“The faithful wife is clothed with meekness and quietness. ... Her life will enhance his acceptability and usefulness. ... Her house is in such order so as to enable the family to accommodate visitors and guests at any time.”

“Oh Mom, this is so not you! Ha ha ha ha haaaah!”

Paul, as I recall, asked her what was so funny. She read him a few sentences. He didn’t get it. “What, you don’t think your mom is an example for other women?”

I just sighed.

Last week, 20 years after Paul’s ordination, I stood in my sister’s kitchen in Virginia all dressed up, with a proper black purse in hand, ready to go to the pastors’ conference a mile down the road.

The next day, I attended a tea with a hundred other Mennonite ministers’ wives, most of them strangers to me; all of them looking calm and capable.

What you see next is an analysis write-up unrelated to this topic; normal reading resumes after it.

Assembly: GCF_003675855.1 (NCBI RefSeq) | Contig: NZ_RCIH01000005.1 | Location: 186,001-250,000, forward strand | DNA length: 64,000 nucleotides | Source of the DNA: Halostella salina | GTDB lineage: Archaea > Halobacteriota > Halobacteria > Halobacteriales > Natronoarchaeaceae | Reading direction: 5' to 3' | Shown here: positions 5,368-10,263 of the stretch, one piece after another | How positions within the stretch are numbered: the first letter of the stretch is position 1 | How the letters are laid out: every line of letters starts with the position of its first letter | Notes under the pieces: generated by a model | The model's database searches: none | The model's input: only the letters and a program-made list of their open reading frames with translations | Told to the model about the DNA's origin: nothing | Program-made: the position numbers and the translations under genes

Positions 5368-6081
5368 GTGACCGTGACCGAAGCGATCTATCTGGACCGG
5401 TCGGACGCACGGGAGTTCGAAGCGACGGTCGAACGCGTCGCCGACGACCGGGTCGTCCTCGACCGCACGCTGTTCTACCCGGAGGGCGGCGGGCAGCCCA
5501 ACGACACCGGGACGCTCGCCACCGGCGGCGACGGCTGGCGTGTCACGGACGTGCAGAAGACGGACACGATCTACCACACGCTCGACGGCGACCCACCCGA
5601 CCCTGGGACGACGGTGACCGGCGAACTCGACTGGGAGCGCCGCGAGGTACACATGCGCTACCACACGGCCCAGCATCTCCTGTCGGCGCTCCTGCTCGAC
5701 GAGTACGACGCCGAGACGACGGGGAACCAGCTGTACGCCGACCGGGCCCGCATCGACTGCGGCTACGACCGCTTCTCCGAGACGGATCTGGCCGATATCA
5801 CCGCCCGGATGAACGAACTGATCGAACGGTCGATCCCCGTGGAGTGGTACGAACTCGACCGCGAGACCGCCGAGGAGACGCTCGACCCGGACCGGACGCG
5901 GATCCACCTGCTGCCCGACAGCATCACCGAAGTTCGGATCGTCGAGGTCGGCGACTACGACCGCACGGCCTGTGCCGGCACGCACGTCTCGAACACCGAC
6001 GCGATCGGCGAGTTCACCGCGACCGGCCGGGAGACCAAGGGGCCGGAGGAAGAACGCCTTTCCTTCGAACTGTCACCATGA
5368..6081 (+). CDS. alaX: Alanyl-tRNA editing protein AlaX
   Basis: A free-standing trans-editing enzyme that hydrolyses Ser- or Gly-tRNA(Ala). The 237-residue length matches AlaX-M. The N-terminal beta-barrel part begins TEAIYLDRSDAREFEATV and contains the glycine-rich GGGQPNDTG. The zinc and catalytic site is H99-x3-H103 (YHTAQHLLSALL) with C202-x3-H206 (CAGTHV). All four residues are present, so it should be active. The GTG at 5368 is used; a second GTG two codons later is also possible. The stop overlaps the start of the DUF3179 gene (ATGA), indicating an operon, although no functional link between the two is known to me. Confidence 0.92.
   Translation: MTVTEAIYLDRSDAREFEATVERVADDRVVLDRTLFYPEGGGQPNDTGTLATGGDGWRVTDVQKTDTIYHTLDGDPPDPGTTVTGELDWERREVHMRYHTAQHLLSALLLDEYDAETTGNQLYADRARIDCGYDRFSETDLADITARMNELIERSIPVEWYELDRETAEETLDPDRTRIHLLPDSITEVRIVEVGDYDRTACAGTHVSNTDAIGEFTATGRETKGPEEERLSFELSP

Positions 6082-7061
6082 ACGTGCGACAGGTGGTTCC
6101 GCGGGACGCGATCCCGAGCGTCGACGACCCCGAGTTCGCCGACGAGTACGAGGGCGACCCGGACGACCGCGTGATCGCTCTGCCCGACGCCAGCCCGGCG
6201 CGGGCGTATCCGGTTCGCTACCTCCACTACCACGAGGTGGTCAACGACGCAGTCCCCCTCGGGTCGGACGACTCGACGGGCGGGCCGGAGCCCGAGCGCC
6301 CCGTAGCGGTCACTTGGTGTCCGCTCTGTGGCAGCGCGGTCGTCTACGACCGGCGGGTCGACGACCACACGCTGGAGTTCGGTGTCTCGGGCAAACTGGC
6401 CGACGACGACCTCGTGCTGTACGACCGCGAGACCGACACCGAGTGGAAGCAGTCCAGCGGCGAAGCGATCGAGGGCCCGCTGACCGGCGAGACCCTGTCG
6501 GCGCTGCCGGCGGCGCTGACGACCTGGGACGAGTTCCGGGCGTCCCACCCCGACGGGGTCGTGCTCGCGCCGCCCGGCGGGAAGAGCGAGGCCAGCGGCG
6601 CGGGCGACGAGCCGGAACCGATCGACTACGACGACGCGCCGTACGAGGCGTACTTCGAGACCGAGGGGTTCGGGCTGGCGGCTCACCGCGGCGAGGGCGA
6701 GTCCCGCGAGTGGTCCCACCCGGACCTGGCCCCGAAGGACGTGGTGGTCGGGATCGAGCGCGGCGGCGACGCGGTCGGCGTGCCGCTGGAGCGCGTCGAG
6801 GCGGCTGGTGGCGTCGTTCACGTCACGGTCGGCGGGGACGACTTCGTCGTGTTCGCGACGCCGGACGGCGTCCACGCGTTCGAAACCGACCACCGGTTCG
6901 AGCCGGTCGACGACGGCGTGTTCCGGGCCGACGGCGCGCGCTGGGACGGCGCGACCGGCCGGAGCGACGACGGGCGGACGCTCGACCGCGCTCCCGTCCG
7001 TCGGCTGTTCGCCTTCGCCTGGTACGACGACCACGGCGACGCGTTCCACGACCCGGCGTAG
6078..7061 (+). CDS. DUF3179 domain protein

The woman to my right told me about grieving an adult daughter lost five years ago, and the one across the table told us how her Amish grandma had inspired her. Gradually, we got to know each other more; we found things in common; we laughed. I relaxed.

I thought of a woman named Marilyn, who was my landlady long ago. She listened to me late at night, over and over. She had a few faults, such as needing to clean out her refrigerator more often and losing patience with stubborn people. Sometimes she passed me funny notes in church. She had the radical idea that if you were loved and forgiven by God, you had nothing to hide.

Mostly, she loved and mentored me until her untimely death.

Marilyn was also a minister’s wife, although I seldom remember her in that way, because more than anything else I think of her as a friend.

I want to be like her.

Whatever our fears may be about the adult responsibility we carry, we cannot go wrong with honesty and love, with flaws and laughter, with genuine joy or sadness. We wish we could distribute perfect solutions at arm’s length, but what people really need is for us to walk beside them until they figure life out.